PROF. BOYNTON REREADS HISTORY
"Oh, yes, I’m working, but I heard you out here, and I was wondering—Cara, I suppose somebody’s looking out for Mrs. Parker? She wouldn’t have many friends to fall back on.” “They took her to the hospital.” ‘“That’s good. If you think one of us ought to go over-——” ‘I don’t.” Mrs. Boynton flushed crimson as she spoke. ‘“‘T’ve heard from her. Edward, she—she’s——” ‘“Might as well say it, Cara,” the judge advised. He turned round, laughing. ‘You ought to know, Boynton, you’re hovering on the edge of the gallows. I was telling Cara just before you came out. Mrs. Parker——” Mrs. Boynton cut in on the sentence. ‘She says she heard you say, ‘I told you I’d finish you if you came on my place,’ and then——-” “Why, yes. Yes, that’s what I did say,” Boynton corrobo- rated. He grasped the other part of the idea slowly. ‘Do you mean she has the effrontery—the—the assurance——” Their guest laughed again, more reassuringly than before.
- She’s still two thirds over. Wait till we see what she says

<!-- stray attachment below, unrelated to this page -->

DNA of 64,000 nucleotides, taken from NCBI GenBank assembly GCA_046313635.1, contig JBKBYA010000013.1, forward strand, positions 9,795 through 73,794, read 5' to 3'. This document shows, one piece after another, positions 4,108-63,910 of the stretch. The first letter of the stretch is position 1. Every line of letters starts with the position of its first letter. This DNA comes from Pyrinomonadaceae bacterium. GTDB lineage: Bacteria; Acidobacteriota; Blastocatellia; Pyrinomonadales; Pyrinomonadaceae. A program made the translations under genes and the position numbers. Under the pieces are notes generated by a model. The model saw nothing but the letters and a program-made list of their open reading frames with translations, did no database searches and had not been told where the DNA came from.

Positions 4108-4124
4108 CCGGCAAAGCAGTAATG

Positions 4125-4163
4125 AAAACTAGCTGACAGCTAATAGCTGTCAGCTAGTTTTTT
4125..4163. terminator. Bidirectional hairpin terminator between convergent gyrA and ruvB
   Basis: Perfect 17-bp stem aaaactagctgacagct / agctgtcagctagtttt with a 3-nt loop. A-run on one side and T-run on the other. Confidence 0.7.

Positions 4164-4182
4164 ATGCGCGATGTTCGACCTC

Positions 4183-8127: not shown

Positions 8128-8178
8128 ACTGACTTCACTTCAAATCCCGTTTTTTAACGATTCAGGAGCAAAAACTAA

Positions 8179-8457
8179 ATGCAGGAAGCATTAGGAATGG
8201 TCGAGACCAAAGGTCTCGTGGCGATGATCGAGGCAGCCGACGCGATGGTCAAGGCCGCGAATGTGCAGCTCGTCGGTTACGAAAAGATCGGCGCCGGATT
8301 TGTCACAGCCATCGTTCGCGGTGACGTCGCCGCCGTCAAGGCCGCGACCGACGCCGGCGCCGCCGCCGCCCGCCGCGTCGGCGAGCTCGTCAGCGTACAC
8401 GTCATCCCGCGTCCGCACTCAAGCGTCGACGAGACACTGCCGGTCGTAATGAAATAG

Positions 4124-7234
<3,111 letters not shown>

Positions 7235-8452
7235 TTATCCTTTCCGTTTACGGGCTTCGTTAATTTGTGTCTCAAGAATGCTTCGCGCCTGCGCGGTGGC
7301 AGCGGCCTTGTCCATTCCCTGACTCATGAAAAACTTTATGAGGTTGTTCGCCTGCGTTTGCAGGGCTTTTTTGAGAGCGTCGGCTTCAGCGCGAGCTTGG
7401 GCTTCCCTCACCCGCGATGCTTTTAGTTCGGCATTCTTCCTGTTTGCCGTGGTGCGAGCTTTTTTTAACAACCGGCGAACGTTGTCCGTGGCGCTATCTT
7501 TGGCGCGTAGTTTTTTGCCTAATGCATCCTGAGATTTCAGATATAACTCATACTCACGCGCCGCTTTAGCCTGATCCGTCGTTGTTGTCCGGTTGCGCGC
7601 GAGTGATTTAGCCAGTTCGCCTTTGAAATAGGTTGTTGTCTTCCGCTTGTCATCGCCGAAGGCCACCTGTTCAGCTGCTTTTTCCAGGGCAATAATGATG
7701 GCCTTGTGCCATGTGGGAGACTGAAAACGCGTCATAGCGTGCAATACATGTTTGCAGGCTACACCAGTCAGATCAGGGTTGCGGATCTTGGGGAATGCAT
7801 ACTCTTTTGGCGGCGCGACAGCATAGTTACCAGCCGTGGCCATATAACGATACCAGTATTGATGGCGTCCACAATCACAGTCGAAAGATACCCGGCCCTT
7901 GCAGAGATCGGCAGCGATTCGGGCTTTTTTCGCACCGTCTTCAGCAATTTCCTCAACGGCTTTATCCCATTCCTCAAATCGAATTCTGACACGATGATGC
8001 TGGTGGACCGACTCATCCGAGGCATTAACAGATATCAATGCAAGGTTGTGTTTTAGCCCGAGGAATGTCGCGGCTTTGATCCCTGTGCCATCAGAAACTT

when she’s sober.—Funny thing is, what was the matter with him? Do you suppose one of those boys who were following ——” “‘T haven’t the smallest idea. I’d think he had a fit and struck his head when he fell, only I saw the blood before that. I tried to catch him, and it was all over me.” “If I were you, I’d forget about seeing it beforehand,” the ex-judge suggested, casually. He had been gone an hour or two and it was nearly dinner time before the force of his suggestion struck home to Boyn- ton’s mind. He commented on it indignantly to his wife and daughter while they ate. “‘A man like Bolling, too! That’s the worst of having any- thing to do with the courts, even as far up as he was. I’ve never had to testify at an inquest, and naturally I’ve always kept clear of getting on juries or anything of that kind; but as to using any subterfuge to get out of testifying ——”’ By the next morning, though, his attention had been di- | verted to newer reasons for indignation. Mrs. Parker was still too ill to leave her bed, and the inquest was being post- poned for her, but her pre-inquest statements, as they seeped